Travel Etiquette: What You Need to Know About Tipping the Next Time You Fly
Welcome to Travel Etiquette, a new TPG column that explores the fragile social contracts and the delicate dos and don’ts of travel. Have an opinion or suggestion for a future subject? Sound off in the comments below.
Tipping when dining out is, for most, a no-brainer, even if the percentage varies from person to person. But when it comes to airports and airplanes, things can get a little dicey — even from the employees' perspectives.
Like wait staff at bars and restaurants, some airport employees make an hourly minimum wage, and are accustomed to supplementing their income with gratuity. Others are salaried, and not permitted to accept tips. But what are the rules, and when should you be prepared to whip out an Abraham Lincoln when traversing the airport?
Charlotte, a Delta Air Lines employee who once worked at an airport assisting travelers in wheelchairs, told TPG she typically earned between $5 and $50 in tips, per person. They key? "You gotta like people," she said. When she took the job with Delta, Charlotte said she actually took a pay cut.
Nonetheless, she encourages patrons to think of tipping in airports like you would a restaurant.
The thing you need to remember is this: Generally, airline employees are not usually allowed to accept any tips on the job, while airport employees — often hourly workers who rely on your generosity to help pay the bills — are permitted to to do so.
"No, United employees cannot accept tips," a representative from the carrier told TPG. According to official company policy, "United employees cannot solicit fees, commissions, tips or any other type of personal compensation, rebates or rewards from [customers] ... simply for performing job responsibilities."
With that said, here's a rundown of the situations you might find yourself wondering about.
Curbside check-in employees
Not to be confused with plane-side baggage handlers, curbside check-in employees are usually employees of an airline, not the airport itself, meaning you are not expected to tip them for help with ticketing or bags. (Baggage handlers, according to one I spoke with, are indeed eligible for tips — although he had never actually been offered one — likely because it's not a customer-facing job.)
Like curbside check-in employees, ticketing agents are airline employees and cannot accept tips — or bribes, although some have tried. Robert, a United Airlines agent working at the Dayton International Airport (DAY), told TPG that while he has been offered cash — either for service or for favoritism — in the past, he was "not permitted per airline policy" to accept. He did, however, take a Gatorade off the hands of a passenger once since it would get thrown out at security anyway.
Wheelchair support staff
For travelers who require a wheelchair to get around the airport, the men and women who assist them provide a crucial service. Joe, who is employed by the airport and provides wheelchair assistance at DAY, said a customary tip is $5. There's "no set amount," Joe said. "It's whatever you want to give." While $20 is the most he's ever received on the job, Joe's co-worker, Mike, once assisted actress Sheryl Underwood and her friends from the gate to their car and got a $50 dollar bill, which made his day.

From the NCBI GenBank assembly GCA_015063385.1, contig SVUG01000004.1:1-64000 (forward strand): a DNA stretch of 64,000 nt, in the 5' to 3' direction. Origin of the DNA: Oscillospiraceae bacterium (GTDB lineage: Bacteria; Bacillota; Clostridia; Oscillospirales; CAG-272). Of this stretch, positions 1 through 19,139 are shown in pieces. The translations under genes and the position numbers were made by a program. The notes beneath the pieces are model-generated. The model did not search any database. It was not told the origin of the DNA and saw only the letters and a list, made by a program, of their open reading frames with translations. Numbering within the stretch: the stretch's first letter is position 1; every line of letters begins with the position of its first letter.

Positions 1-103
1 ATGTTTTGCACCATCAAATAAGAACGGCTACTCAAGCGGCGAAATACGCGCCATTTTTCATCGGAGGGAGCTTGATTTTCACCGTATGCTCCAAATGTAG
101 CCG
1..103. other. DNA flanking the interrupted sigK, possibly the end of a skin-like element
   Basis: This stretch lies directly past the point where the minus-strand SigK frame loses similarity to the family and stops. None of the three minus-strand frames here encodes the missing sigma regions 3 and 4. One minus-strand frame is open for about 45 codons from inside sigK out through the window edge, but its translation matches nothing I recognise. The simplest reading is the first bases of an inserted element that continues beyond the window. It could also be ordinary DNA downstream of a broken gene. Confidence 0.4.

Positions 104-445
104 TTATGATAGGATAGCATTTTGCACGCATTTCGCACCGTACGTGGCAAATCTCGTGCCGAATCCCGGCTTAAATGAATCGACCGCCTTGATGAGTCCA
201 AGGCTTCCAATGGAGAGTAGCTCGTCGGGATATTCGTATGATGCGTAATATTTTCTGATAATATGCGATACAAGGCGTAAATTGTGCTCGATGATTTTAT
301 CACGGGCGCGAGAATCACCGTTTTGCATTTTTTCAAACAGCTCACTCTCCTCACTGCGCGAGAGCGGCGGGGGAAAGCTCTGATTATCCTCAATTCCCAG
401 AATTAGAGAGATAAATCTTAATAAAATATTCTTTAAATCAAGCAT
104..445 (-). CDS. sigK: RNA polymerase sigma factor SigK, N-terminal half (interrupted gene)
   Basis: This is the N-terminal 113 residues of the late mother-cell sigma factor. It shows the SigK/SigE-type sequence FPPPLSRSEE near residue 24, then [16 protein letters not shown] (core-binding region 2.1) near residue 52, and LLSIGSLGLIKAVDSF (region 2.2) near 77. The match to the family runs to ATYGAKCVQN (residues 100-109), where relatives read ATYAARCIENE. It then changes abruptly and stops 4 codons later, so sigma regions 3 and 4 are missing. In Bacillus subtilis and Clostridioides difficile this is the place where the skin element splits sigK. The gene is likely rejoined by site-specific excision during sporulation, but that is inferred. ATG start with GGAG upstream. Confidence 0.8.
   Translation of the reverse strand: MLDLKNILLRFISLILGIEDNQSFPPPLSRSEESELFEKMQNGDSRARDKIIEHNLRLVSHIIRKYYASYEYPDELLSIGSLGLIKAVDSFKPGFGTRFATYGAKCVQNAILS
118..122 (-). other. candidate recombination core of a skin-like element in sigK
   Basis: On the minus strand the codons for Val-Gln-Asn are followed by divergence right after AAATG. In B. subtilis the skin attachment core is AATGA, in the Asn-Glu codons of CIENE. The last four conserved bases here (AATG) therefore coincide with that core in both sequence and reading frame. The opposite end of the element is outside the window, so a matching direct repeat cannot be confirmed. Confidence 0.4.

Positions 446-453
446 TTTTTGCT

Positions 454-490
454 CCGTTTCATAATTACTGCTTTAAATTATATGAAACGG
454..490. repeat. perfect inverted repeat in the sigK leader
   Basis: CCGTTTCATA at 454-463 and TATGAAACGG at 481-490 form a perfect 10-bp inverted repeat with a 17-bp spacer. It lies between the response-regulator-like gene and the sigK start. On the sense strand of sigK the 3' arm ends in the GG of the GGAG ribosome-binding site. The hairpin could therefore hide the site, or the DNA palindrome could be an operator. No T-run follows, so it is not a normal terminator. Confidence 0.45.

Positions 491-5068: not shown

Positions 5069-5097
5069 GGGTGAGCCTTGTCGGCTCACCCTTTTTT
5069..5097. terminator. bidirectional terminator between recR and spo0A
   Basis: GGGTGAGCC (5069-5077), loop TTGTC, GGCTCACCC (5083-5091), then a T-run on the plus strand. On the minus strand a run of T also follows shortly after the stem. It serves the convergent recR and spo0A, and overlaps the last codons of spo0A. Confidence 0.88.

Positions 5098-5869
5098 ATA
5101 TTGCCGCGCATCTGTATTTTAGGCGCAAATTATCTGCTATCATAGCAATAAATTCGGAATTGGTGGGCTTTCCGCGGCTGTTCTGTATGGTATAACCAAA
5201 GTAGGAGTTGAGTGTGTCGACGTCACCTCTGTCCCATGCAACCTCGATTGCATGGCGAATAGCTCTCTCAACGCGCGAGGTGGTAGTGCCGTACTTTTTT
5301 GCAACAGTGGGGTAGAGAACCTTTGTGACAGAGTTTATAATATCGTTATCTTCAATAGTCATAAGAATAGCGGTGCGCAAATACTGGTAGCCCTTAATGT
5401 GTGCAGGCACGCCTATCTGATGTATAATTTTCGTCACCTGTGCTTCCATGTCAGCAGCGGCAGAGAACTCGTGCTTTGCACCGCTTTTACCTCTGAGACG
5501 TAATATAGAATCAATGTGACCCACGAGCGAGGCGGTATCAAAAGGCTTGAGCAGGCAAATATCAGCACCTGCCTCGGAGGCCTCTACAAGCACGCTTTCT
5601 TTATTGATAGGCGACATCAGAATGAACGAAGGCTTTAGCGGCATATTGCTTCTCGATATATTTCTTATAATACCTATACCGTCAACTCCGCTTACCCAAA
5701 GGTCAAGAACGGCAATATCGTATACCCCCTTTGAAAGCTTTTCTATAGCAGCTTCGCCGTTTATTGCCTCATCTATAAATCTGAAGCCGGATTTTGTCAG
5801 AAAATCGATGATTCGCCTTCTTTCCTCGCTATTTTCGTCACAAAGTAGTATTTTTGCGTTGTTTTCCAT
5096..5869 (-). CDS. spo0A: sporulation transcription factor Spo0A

Charlotte confirmed that as airline employees, no — gate agents are not allowed to accept tips. Or kickbacks. A little patience, she said, can get you much further than what's in your wallet.
You may be inclined to drop a tip every time you order an onboard gin and tonic, but your flight attendant isn't a bartender, so save your singles. Flight attendant Amanda Pleva told TPG that trying to tip flight attendants can be "a bit awkward."
"We definitely don't work for tips and have to refuse," she said. "However, if someone is insistent and we have already refused, it's rude not to accept, and we may do so."
Cindy, a flight attendant for United, told TPG that more people tried to tip when she was working for American Airlines. But as airlines move toward card-only payment onboard the aircraft, the attempts are becoming less frequent.
Don't feel obligated to tip your pilot for a smooth landing — getting you safely from Point A to Point B is part of the job requirement. Tipping a pilot is neither expected nor accepted. Unless it's candy. Brian, a first officer for United, recounted the time a passenger showed up with a bag of peanut M&Ms for the cockpit and crew. The gift was happily enjoyed and appreciated by all. No word if the passenger received an upgrade for their act of sugar-coated kindness.
The bottom line
When in doubt, especially if you've experienced service that goes above and beyond, it never hurts to offer a tip to the person helping. In most cases, if it's an airline employee, he or she will decline taking your money. For airport employees, tips ($5 is customary) are appreciated.
And for any employee who goes above and beyond, get in touch with the airport manager or airline to let them know the name of the employee who helped you out. A note of appreciation can quickly become a glowing recommendation that could even help that person earn a bonus or a raise. (Talk about a tip!) At the very least, a sincere "thank you" in lieu of cash can go a long way for people in the industry.
Oh, and one last thing: Please remember to tip your server when dining at a Priority Pass restaurant. The $28 in free food and drink allotted to you covers only that, so don't leave your server hanging after the bill is settled up.